The backlash was swift, and seemingly devoid of thought. The Hudson's Bay Company quickly removed a plaque from its downtown Montreal store that was initially erected in 1957, dedicated to Confederate President Jefferson Davis, a Mississippi slave owner, who supported slavery and white supremacy.
The retail store supplied no reason for the unceremonious removal, but complaints about the plaque came after the recent attack in Charlottesville, Va., where a rally that turned violent was held to preserve a monument of American Civil War General Robert E. Lee.
The historical record is clear: Confederacy was about slavery and white supremacy, nevertheless here in Montreal, the plaque should have remained to remind us of our intertwined history with the U.S. We can express outrage over its continued existence. We can alter it with statements of our own. Or we can let it remain and reflect carefully on its history. Notwithstanding, its removal, though somewhat abrupt, should have served as the foundation for a truly teachable moment foiled on account of seeming mismanagement.
The ensuing debate becomes complicated, raising serious questions and concerns about the United States and its history with Canada, especially Montreal.
Between 1861 and 1865 a civil war was fought between the United States of America and the Confederate States of America, a collection of eleven southern states that left the Union and formed their own country. The Southern states wanted to break away from the north and continue to use slavery. The North was antislavery. Jefferson Davis, President of the Confederate States of America was defeated by the United States in 1865, followed by the nationwide abolition of slavery.
On account of shoddy record-keeping, exact numbers are not known, but it is estimated that about 40,000 Canadians and Maritimers served in the war. Despite sympathy for the Confederacy, most fought for the North.
At the start of the war, what is now Canada was made up of the British colonies of Canada West and Canada East (now Ontario and Quebec), and the Maritime colonies of Nova Scotia, New Brunswick, P.E.I and the colony of Newfoundland. Both Canadians and Maritimers were aware of the looming threat of the United States annexing or invading them, and owning all of North America. These factors had caused Canadian and Maritime politicians to consider strengthening the weaker colonies by joining them into a richer, bigger and more defendable unit.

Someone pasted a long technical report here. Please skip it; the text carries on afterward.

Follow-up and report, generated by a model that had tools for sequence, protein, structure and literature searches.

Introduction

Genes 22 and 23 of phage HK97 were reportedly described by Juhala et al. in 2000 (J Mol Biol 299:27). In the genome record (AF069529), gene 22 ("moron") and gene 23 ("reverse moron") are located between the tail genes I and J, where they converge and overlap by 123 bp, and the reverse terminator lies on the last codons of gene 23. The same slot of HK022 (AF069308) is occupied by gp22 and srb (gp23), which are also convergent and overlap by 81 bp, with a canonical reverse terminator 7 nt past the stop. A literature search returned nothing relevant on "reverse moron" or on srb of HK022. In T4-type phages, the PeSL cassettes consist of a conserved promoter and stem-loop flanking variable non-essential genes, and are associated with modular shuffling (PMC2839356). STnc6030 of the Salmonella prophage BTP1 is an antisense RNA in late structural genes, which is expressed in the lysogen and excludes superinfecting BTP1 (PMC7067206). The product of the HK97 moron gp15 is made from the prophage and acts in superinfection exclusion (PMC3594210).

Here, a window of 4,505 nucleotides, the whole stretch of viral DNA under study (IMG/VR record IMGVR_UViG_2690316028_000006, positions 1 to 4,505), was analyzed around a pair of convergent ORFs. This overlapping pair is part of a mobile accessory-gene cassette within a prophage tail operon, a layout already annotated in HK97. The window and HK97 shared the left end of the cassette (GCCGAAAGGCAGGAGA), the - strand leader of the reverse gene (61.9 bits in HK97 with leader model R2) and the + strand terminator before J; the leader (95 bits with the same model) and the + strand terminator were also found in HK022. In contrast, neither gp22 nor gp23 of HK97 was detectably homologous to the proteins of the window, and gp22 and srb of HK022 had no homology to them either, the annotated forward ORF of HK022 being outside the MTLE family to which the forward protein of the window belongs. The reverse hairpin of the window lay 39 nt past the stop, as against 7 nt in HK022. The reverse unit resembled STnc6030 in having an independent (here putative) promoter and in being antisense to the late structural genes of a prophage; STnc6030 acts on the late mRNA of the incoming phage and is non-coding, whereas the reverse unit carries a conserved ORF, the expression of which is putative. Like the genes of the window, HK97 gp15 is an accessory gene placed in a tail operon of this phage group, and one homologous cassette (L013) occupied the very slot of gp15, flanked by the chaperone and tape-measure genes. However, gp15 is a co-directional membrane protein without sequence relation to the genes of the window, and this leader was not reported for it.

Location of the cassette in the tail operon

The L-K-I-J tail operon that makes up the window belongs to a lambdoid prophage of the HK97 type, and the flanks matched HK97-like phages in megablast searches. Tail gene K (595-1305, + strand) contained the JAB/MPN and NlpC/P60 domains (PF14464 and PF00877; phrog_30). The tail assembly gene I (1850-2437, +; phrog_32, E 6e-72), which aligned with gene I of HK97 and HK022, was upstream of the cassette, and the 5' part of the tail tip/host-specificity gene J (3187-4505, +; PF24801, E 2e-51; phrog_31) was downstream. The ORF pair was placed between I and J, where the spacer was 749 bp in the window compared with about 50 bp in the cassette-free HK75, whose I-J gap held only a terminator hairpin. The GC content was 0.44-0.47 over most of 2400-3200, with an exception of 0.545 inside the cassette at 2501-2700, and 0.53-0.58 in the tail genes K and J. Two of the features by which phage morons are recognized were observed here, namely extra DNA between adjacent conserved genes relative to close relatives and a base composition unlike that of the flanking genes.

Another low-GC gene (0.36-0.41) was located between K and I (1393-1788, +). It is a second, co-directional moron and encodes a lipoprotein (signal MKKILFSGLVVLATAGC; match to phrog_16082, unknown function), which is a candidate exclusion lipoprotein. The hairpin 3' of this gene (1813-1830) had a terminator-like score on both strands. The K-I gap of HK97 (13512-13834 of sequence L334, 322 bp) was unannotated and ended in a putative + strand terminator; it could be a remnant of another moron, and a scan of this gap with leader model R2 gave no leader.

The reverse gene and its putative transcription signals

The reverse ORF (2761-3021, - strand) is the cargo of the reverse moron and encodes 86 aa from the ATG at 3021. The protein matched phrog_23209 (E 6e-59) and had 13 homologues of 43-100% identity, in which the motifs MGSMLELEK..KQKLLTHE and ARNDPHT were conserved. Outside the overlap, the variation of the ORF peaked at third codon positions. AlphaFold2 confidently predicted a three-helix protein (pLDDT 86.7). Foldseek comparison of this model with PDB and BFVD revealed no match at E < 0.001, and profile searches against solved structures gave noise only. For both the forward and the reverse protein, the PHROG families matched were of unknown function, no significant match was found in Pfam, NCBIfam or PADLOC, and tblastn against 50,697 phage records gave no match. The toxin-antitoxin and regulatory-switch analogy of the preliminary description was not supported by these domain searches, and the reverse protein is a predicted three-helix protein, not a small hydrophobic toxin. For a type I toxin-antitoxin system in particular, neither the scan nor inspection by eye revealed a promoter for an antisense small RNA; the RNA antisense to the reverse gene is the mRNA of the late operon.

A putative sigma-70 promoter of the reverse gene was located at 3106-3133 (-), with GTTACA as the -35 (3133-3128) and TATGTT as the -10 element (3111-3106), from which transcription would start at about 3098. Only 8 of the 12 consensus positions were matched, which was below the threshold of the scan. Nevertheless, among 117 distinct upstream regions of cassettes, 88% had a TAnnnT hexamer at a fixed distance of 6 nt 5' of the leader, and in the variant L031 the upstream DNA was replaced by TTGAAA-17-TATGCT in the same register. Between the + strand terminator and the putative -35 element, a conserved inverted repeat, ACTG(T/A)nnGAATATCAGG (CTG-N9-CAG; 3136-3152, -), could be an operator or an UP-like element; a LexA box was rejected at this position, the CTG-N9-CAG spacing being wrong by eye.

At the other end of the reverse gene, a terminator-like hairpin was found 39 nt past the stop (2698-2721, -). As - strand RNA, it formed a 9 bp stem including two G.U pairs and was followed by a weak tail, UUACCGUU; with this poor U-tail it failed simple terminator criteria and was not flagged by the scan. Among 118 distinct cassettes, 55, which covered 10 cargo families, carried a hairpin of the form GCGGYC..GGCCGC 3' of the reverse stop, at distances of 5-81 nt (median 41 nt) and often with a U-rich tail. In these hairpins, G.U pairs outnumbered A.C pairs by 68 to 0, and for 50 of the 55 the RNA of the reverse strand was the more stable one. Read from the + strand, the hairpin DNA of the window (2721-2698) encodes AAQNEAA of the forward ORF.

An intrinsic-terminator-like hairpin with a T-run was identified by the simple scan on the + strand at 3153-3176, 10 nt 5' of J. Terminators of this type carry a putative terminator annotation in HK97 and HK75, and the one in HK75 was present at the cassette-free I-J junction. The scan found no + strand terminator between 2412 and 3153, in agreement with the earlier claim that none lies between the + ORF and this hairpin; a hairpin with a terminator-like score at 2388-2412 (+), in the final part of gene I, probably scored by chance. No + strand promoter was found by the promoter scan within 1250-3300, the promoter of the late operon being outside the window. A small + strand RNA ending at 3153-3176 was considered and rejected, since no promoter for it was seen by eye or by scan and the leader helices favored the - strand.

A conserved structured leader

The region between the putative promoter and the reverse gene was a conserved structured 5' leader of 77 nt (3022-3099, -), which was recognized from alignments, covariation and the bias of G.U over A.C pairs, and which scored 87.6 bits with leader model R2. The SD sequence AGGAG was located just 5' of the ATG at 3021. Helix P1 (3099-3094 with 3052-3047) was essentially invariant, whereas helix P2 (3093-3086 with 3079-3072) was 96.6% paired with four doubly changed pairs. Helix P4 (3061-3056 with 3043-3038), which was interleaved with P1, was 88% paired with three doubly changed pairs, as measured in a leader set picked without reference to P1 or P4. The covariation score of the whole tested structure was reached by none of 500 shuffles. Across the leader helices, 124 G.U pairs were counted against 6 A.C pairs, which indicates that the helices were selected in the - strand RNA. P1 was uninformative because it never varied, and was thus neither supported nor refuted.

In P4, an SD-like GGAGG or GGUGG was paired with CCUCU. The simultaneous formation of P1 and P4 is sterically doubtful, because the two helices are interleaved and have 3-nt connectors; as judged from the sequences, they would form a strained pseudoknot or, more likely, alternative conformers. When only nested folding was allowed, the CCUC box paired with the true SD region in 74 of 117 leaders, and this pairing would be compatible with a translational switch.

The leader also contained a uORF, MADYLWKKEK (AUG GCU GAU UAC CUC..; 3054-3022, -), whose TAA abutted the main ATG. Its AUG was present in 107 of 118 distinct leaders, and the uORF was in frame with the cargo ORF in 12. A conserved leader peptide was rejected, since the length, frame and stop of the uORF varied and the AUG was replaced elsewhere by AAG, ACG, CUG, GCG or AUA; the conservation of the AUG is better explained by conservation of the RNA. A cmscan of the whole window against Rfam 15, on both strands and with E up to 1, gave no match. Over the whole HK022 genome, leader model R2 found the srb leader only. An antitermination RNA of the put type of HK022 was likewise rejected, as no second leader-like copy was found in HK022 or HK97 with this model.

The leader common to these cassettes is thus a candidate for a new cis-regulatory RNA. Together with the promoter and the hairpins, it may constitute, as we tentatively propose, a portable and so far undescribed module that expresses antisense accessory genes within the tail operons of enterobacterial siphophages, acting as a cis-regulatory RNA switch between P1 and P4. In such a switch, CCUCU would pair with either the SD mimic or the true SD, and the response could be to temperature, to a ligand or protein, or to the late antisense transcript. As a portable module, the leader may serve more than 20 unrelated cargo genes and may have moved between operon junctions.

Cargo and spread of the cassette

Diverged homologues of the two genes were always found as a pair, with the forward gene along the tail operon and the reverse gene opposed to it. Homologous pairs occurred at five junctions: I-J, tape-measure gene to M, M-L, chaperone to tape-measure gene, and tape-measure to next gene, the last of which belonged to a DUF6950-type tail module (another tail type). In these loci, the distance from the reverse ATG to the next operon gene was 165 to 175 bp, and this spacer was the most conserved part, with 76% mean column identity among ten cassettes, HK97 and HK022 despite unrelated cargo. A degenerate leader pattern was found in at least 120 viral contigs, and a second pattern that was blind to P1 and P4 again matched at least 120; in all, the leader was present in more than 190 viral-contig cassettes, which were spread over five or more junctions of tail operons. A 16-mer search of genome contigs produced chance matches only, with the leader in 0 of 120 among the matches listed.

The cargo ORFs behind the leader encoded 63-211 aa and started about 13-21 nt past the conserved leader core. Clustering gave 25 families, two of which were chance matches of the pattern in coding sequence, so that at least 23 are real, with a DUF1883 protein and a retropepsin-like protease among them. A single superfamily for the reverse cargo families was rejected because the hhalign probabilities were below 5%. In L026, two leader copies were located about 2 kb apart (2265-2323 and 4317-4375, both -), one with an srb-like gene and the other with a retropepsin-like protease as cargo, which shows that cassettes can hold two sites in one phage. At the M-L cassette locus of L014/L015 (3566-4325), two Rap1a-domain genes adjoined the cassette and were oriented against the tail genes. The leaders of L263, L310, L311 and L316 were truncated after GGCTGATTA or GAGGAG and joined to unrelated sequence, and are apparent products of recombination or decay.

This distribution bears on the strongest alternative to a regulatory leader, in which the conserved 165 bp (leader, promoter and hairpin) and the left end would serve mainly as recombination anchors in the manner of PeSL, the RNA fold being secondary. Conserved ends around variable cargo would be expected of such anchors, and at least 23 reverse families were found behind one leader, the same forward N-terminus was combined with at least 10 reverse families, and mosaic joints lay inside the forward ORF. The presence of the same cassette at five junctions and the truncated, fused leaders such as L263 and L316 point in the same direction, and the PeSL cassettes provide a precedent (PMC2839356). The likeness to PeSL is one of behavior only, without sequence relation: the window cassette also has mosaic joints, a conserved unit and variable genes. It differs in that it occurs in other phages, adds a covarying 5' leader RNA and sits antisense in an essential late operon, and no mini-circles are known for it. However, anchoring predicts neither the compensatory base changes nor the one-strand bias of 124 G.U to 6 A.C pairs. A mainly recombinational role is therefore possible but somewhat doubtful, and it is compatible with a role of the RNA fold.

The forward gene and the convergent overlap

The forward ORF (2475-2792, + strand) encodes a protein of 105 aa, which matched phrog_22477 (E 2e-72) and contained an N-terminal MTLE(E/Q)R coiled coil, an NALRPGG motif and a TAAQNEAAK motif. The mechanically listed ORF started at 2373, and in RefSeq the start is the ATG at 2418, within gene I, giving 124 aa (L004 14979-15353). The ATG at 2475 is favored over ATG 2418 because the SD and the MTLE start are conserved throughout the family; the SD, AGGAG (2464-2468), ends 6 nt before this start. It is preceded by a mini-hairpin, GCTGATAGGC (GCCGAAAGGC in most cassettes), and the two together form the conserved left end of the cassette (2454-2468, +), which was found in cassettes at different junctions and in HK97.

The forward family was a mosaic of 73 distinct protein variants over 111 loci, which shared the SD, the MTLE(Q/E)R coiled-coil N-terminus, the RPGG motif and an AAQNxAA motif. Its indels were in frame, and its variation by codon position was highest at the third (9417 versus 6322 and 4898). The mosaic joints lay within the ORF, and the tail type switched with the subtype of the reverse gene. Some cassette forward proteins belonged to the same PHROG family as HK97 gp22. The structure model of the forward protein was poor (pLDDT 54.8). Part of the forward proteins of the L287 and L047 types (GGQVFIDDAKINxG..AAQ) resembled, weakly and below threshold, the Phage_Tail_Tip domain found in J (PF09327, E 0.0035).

The Civil War, for what it signified, made the threat of American invasion more likely, while the number of political leaders who were anxious to cut support for the North American colonies increased. The time for, unification or Confederation had arrived.
The Civil War ended in 1865 with many Canadians and Maritimers undecided regarding support for Confederation. In 1866, a group of Irish-American Civil War veterans called Fenians crossed the border in armed attempts to take Canada hostage in exchange for Ireland's independence from Britain. The Fenian Raid failed, but brought home to Canada a stark reminder that the U.S posed a threat to Canadian sovereignty and how vulnerable Canadians were.
While removal of the Confederation plaque is now a fact, our history should remain intact.
Support for Confederation was strengthened. On July 1, 1867, Confederation came together just as the United States was clearing away the ashes of civil war, although Canadians would call the holiday Dominion Day until 1982. Canada was now an independent country.
President Jefferson Davis came to Montreal after battling through a civil war to consolidate the United States as a unified nation, while in Canada we successfully united as a nation without gunfire. Removal of the plaque is an unacceptable act. We do not need to be influenced from afar to remember that the creation of Canada was influenced by the American Civil War. Jefferson Davis may have resided here, the reason being his story (history) to share. While removal of the Confederate plaque is now a fact, our history should remain intact.
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